While this model does not cut out the supply chain completely, it does simplify it. Running a CSA is complicated, requiring marketing, packing supplies, labor and transportation. While some CSAs have their own refrigerated vehicles for delivery, a lot of companies use refrigerated van delivery service. "It’s cost prohibitive for a lot of small farms to have a truck and a driver," Payet said. CSA deliveries used to be at a drop spot, but Payet estimates that slightly less than half his customers now do home delivery. His software helps with coordination, so customers can put orders on vacation hold and get electronic reminders for deliveries.
The CSA market took a hit with the advent of meal prep home delivery products and DTC produce boxes. Some CSA programs went under and others lost customers. The meal prep services compete in the same space, but with hundreds of millions of venture capital dollars behind them. "We’re now at the tail end of that," Payet said. Some meal kits promise organic and sustainable ingredients, but they can’t compete on price and still use small farm or organic produce. Instead, Payet said, they use just a small amount of the promised organic foods, and mostly use cheap wholesale ingredients.
CSAs have never been money makers for farms, said Payet, though they do often require payment up front. They’re offered as way to spread the word about the farm. The CSAs that are growing provide a high quality community experience, allowing u-pick days and throwing parties at the farm, to keep subscribers involved. While locally grown handcrafted food is expensive to produce, "restaurants are willing to pay a premium for really good quality fresh stuff. It’s a great market for small farms."
Who uses this model? Meat box companies, such as Crowd Cow and Butcher Box.
Who is buying? Consumers who want a higher quality of meat or specific animal raising and feeding methods.
Challenges: Crowd Cow sells a cow at a time and doesn’t ship until the whole cow is sold.
Benefits: Less paperwork and a simple, streamlined supply chain.
In the last few years, meat box companies entered the market to offer protein directly from the ranch. Crowd Cow allows consumers to buy cuts of meat from specific ranches, while Butcher Box is a subscription service sending meat regularly from hand-picked farms. These companies are the middlemen, but unlike buying meat from a traditional butcher or grocery store where consumers likely don’t know the producer’s name, the ranch is highlighted – it’s one of the reasons for the purchase.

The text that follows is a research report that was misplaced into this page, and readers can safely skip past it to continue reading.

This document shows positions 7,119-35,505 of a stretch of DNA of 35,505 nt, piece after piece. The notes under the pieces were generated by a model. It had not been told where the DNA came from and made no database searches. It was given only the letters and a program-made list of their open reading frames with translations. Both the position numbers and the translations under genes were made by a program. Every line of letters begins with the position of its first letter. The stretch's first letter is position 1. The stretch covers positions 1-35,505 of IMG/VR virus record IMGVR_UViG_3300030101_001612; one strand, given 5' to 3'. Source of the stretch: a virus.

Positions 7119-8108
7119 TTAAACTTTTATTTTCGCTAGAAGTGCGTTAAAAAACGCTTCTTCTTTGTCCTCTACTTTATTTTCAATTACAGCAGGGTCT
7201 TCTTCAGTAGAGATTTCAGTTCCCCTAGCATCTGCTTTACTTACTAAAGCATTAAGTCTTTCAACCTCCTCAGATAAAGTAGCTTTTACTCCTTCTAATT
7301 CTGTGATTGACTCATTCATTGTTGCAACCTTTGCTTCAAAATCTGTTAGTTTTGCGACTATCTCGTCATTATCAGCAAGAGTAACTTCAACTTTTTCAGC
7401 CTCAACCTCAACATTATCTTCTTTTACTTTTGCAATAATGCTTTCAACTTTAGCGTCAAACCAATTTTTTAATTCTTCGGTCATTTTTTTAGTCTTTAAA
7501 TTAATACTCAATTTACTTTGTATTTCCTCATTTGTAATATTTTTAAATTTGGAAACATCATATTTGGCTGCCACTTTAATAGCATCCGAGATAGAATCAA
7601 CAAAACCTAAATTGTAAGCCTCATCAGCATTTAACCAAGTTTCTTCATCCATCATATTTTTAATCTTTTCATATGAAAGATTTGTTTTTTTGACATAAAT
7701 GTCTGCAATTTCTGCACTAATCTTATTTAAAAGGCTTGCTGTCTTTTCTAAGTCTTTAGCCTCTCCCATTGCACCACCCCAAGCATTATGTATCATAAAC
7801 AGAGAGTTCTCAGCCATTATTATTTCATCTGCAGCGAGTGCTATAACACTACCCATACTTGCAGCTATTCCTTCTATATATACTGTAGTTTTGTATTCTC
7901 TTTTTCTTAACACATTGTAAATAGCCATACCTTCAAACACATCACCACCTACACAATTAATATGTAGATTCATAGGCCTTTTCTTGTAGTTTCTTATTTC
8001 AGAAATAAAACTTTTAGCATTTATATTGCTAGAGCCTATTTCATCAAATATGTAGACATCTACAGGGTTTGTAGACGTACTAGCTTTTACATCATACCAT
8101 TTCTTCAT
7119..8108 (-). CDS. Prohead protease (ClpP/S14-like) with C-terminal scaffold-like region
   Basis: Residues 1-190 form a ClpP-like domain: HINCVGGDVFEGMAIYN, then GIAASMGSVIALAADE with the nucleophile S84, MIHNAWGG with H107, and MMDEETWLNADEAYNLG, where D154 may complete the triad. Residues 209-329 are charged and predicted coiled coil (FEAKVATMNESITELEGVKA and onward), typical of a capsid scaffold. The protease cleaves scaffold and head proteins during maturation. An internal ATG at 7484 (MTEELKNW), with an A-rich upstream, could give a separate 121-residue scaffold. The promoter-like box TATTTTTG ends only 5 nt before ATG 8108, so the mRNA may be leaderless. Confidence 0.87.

"We have a very simple supply chain — the meat goes from rancher, to butcher, to us," Crowd Cow co-founder Ethan Lowry told Geek Wire. Crowd Cow and Butcher Box then ship to customers. Crowd Cow also sells to wholesale customers.
Fans tout the higher quality and better tasting meat that’s not grown at an industrial farm. Consumers appreciate knowing the origins of their meat. Ranchers benefit from less paperwork. One rancher, selling most of her cows to Crowd Cow, found that this model leaves her more time to run her ranch.
Who uses this model? Vineyards and middlemen like Casemates.
Who is buying? More consumers are buying directly from wineries.
Challenges: Additional costs in shipping less than truckload and small orders.
Benefits: A greater connection and relationship with the customer.
The vineyard to consumer connection isn’t new, but it is growing and changing. In 2017, the value of wines sold directly increased 15%, to a high of $2.69 billion. Middlemen like Casemates sell access to wineries and special deals, though consumers buy by the case or go in on a case with a friend (or with newly found local friends on their forums). Wineries take the actual orders and a separate company fulfills them.
Selling direct might seem like a good way to offer customers a discount on your product. But selling wine online means additional costs, like shipping less than truckload, warehousing, selling and processing small orders, website hosting and transaction fees, and that can raise costs by a few dollars a bottle.
Some wineries want to avoid the wholesale consolidators. Cameron Hughes, whose model is buying surplus wines from top wineries and bottling them under his label, left traditional distribution to sell his wines online, as five companies control 60-70% of the wine sales, he told the Washington Post last year. He wanted to focus on his customer relationships and not worry about getting the distributor’s attention.
Follow Deborah Abrams Kaplan on Twitter